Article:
Court Battles

Kavanaugh has quiet first day on the bench

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While fiery protests drew large crowds to the steps of the Supreme Court over the weekend to oppose his pending confirmation, the first day of Justice Brett Kavanaugh’s career on the high court was relatively uneventful.

Trump’s second nominee, who was confirmed Saturday amid controversy surrounding allegations of sexual misconduct, made it through his first oral arguments Tuesday without any interruptions from protesters inside the courtroom.

{mosads}Kavanaugh took his place on the bench next to Justice Elena Kagan, an appointee of former President Obama, and listened intently to the attorneys before him. The newly minted justice asked nearly a dozen questions during Tuesday’s cases, which challenged the scope of the Armed Career Criminal Act (ACCA).

The 1984 law imposes a mandatory minimum 15-year prison sentence on felons who are caught in possession of a firearm and have three prior violent felony convictions.

Kavanaugh focused his questions on the court’s prior precedent as the justices weighed what level of force in a robbery is required for the crime to be considered a violent felony under the ACCA.

He said the court’s ruling in a case known as Curtis Johnson v. United States requires “a substantial degree of force.” 

“How are we supposed to deal with that language in the Curtis Johnson opinion if we’re trying to follow Curtis Johnson strictly?” Kavanaugh asked Frederick Liu, the assistant to the solicitor general who argued a Florida man’s unarmed robbery should qualify as a violent felony.           

The justices were in a jovial mood as they questioned if shoving, grabbing and pinching count as physical force. Justice Sonia Sotomayor at one point pinched Justice Neil Gorsuch, drawing laughs from the crowd. 

Kavanaugh and Kagan were spotted several times leaning in to chat and chuckle with one another.

In the second set of arguments, the court grappled with whether a burglary of a vehicle or mobile home qualifies as a violent felony under the ACCA.

“You might have gotten a hint that a majority of the court really hates ACCA and is picking it apart bit by bit by bit,” Justice Samuel Alito said at one point.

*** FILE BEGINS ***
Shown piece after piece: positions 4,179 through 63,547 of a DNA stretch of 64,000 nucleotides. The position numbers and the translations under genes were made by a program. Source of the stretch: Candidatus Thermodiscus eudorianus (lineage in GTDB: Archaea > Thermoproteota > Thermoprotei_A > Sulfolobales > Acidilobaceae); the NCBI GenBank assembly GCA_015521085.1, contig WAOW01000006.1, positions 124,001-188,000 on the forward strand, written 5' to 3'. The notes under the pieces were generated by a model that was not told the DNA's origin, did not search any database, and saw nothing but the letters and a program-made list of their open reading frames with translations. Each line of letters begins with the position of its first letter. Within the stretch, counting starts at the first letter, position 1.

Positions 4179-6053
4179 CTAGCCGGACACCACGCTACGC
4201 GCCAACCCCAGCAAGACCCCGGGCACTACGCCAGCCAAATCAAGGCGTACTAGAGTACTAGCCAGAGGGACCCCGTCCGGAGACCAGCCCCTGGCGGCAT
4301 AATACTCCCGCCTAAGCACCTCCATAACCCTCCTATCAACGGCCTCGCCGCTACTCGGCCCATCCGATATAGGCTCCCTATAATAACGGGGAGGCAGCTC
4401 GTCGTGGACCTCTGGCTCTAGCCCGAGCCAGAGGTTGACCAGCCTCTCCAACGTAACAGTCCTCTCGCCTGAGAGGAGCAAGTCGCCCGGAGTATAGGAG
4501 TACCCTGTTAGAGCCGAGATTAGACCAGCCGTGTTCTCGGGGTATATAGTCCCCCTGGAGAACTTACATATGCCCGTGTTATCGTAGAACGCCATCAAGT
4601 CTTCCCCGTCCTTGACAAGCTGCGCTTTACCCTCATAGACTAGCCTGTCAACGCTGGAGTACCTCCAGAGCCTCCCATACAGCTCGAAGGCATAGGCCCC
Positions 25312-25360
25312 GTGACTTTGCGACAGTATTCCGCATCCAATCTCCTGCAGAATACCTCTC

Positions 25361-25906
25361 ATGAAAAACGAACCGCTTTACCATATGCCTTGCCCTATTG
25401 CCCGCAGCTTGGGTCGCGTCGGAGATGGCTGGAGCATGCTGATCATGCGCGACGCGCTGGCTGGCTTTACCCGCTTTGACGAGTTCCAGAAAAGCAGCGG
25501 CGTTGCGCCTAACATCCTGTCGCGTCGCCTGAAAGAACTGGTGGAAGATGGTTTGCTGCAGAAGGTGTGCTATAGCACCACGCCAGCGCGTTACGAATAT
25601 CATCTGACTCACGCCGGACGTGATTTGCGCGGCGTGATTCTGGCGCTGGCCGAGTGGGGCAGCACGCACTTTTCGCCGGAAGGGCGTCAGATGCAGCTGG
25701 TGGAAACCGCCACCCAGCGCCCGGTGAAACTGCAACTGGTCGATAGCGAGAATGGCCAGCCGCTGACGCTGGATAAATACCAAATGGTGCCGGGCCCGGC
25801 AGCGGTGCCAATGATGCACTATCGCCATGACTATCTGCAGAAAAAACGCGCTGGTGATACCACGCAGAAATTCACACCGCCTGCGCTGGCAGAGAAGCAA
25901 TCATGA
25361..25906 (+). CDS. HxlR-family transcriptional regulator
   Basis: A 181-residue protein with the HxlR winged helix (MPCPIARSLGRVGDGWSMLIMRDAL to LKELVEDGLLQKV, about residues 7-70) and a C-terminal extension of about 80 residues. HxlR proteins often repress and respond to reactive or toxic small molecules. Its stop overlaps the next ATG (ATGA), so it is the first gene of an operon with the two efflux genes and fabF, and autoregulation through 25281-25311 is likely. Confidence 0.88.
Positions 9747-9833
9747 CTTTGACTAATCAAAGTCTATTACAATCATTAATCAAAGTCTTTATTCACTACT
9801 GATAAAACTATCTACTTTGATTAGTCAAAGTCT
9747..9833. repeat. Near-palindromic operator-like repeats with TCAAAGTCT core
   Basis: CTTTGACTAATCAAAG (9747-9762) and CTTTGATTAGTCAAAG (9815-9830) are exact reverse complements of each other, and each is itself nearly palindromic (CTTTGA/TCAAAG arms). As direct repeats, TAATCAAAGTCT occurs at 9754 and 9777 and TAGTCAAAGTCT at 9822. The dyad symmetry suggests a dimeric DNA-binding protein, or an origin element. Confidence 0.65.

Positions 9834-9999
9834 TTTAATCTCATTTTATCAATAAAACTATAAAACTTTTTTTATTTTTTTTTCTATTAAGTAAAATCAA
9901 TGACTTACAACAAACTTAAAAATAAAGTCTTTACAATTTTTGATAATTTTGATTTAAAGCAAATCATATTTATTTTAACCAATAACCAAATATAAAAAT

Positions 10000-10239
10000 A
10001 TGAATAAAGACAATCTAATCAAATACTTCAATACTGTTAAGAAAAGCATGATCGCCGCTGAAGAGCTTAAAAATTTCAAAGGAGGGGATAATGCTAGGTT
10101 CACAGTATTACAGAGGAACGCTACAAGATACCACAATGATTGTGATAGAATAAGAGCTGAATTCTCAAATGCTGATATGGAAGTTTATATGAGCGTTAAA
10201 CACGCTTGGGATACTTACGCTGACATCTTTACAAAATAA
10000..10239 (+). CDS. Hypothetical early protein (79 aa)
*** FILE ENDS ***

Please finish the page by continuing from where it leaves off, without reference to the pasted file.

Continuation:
The court beefed up security measures for Kavanaugh’s first day, lining the steps of the court with barricades and eliminating the line that usually gives the public a chance to view the court’s proceedings in three-minute increments.

Aside from the 50 to 60 people standing in the regular public viewing line, it was quiet and calm outside the court Tuesday morning. Many of those waiting were there to support Kavanaugh, not oppose him.

“We wanted there to be people who believe in civility sitting in the benches, so other people who were here to disrupt wouldn’t have seats,” said Stephanie Lilley, of Washington, D.C., who was in line with four of her friends. “I don’t think clawing at the doors of the Supreme Court is a way to further the discussion.”

But just before 9 a.m., a line of protesters, some dressed as handmaids from the popular television drama “Handmaid’s Tale,” rounded the corner chanting “We will not forget. We do not consent” and “Say it loud, say it clear, Kavanaugh’s not welcome here.”

“You’re not welcome here,” Barbara Richards, 62, of Florida, shouted back. 

Richards, who was standing in line with her husband, said she campaigned for Trump. The two are in the D.C. region to celebrate their recent nuptials.

Teva Gabis-Levine, of Albuquerque, N.M., who was among the protesters marching to the court’s entrance, said he wants Kavanaugh to know that he will be under constant scrutiny.

But Gabis-Levine said he didn’t have any plans to try to protest inside.

“I don’t necessarily have the flexibility to come back for multiple court dates if I get arrested,” he said.

Another protester, Lisa Fithian of Austin, Texas, said she was arrested amid protests on Saturday and she couldn’t tolerate Kavanaugh’s first day on the bench.

“This is not over,” she said. “This will unleash a whole new wave of resistance.”

Inside the court, Kavanaugh was met by friendly faces. His wife, Ashley, and their two daughters were all in attendance for his first appearance on the bench.

Retired Justice Anthony Kennedy, whom Kavanaugh replaced, was also present in the courtroom.

While Trump held a ceremonial swearing in for Kavanaugh in a prime-time event at the White House on Monday night, Chief Justice John Roberts said the court will have a special sitting at a later date to welcome the new judge.

“Justice Kavanaugh, we wish you a long and happy career in our common calling,” he said Tuesday.

Updated at 2:54 p.m.

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